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Simon of Trent
(Cult suppressed)
Pietro Stefanoni Simon von Trient.jpg
Youth, catalyst
Born Early 1472
Died 21 March 1475
Venerated by Roman Catholics (formerly)
Feast March 24 (no longer celebrated)
Attributes Youth, martyrdom
Patron saint of Children, kidnap victims, torture victims

Simon of Trent (German: Simon Unverdorben; Italian: Simonino di Trento); also known as Simeon; (1472 – March 21, 1475) was a boy from the city of Trento, Italy whose disappearance was blamed on the leaders of the city's Jewish community based on their confessions under torture[1], causing a major blood libel in Europe.

Contents

Background

Shortly before Simon went missing, Bernardine of Feltre, an itinerant Franciscan preacher, had delivered a series of sermons in Trent in which he vilified the local Jewish community. When Simon went missing around Easter, 1475, his father decided that he must have been kidnapped and murdered by Jews. According to his story, the Jews had drained Simon of his blood, supposedly for use in baking their Passover matzohs and for occult rituals that they allegedly practiced in private.

Giving a succinct background to the story, historian Ronnie Po-chia Hsia wrote: "On Easter Sunday 1475, the dead body of a 2-year-old Christian boy named Simon was found in the cellar of a Jewish family's house in Trent, Italy. Town magistrates arrested 18 Jewish men and five Jewish women on the charge of ritual murder - the killing of a Christian child in order to use his blood in Jewish religious rites. In a series of interrogations that involved liberal use of judicial torture, the magistrates obtained the confessions of the Jewish men. Eight were executed in late June, and another committed suicide in jail".[2]

The leaders of the Jewish community were arrested, and seventeen of them were forced to confess under torture. Fifteen of them, including Samuel, the head of the community, were sentenced to death and burned at the stake. Meanwhile, Simon became the focus of veneration for the local Catholic Church. The local bishop, Hinderbach of Trent, tried to have Simon canonized, producing a large body of documentation of the event and its aftermath.[3] Over one hundred miracles were directly attributed to Saint Simon within a year of his disappearance, and his cult spread across Italy, Austria and Germany. However, there was initial skepticism and Pope Sixtus IV sent Bishop of Ventimiglia, a learned Dominican, to investigate.[4] The veneration was restored in 1588 by the Franciscan Pope Sixtus V. The 'saint' was eventually considered a martyr and a patron of kidnap and torture victims. Simonino was never canonized as a saint,[5] although the Franciscan pope approved a special Mass in honor of Simonino ("little Simon") to be said in the diocese of Trento, Italy.[6] The cult survived until 1965, when, in the wake of the Holocaust, it was abolished by the Pope.[7]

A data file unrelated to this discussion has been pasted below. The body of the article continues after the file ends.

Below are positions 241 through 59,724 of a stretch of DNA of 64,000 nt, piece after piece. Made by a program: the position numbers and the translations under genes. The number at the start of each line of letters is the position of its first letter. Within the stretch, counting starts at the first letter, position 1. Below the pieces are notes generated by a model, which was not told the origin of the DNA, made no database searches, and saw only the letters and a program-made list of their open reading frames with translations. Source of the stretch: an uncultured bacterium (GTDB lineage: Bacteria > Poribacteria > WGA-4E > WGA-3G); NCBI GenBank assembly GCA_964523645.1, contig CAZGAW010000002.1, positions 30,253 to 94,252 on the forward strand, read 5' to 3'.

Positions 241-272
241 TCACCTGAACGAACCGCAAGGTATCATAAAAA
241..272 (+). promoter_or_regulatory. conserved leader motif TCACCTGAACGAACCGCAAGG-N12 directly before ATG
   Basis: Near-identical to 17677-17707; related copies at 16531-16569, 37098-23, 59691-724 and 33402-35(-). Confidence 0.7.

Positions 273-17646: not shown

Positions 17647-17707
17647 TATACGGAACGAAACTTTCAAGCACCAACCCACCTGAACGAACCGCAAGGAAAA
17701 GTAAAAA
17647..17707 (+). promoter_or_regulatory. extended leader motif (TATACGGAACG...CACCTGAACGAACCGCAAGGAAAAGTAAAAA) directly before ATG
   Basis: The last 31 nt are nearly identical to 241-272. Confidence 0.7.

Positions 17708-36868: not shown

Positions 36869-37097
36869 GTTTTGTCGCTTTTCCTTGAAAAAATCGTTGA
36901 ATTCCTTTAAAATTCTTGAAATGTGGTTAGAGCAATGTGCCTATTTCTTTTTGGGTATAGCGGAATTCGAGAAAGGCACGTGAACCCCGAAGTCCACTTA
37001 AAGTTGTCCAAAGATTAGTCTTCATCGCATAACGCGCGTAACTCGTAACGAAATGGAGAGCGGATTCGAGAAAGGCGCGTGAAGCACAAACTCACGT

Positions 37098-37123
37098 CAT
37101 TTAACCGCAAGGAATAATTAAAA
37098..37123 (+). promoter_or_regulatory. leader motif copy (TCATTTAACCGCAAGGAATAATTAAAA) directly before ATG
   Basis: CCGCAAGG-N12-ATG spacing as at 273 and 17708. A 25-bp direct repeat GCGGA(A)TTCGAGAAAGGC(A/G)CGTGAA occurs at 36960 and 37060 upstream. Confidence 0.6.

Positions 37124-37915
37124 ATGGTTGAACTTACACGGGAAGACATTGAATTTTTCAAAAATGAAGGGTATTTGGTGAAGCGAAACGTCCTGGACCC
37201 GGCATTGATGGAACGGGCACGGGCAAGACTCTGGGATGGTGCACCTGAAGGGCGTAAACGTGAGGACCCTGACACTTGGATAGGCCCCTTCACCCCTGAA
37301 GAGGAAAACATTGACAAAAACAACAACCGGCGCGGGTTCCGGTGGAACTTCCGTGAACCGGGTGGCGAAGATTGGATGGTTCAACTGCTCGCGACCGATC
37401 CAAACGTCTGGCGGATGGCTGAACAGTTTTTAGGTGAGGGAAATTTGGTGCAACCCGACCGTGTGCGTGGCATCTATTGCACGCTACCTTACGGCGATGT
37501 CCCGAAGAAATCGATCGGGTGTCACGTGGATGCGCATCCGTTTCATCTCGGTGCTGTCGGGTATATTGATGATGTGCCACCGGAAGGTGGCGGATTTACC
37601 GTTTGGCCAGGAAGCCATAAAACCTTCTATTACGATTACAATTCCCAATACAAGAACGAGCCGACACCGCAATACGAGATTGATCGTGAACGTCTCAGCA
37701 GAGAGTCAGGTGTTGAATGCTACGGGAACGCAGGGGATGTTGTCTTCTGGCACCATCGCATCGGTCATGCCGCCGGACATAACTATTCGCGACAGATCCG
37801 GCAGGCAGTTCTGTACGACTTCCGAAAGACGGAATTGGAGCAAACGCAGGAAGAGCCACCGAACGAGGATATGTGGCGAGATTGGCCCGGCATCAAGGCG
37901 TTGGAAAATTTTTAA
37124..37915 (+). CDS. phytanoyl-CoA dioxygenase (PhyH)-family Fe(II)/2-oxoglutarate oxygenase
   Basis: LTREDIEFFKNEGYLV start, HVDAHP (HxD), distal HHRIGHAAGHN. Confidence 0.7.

His entry in the old Roman Martyrology for March 24 read:[8]

Tridénti pássio sancti Simeónis púeri, a Judǽis sævíssime trucidáti, qui multis póstea miráculis coruscávit.
(Translated) At Trent, the martyrdom of the boy St. Simeon, who was barbarously murdered by the Jews, but who was afterwards glorified by many miracles.

Simon of Trent does not appear in the new Roman Martyrology of 2000, nor on any modern Catholic calendar.

Image gallery

See also

References

  1. ^ Po-chia Hsia, Ronnie (2007-02-20). "The real blood of Passover". Hareetz. http://www.haaretz.com/hasen/spages/827035.html. Retrieved 2008-07-08. 
  2. ^ Toaff Controversy
  3. ^ Paul Oskar Kristeller, The Alleged Ritual Murder of Simon of Trent (1475) and Its Literary Repercussions: A Bibliographical Study,Proceedings of the American Academy for Jewish Research, Vol. 59. (1993), pp. 103-135
  4. ^ Jewish Encyclopedia
  5. ^ Biblioteca Sanctorum, vol. 11, p. 1186
  6. ^ A Blood Libel Cult:Anderl von Rinn, d.1462 (Medieval Sourcebook)
  7. ^ R. Po-Chia Hsia Trent 1475, Yale University Press, 135; (German)Marco Polo und Rustichello: „notre livre“ und die Unfaßbarkeit der Wunder
  8. ^ The Roman Martyrology, March 24, [1] retrieved May 8, 2007

External links

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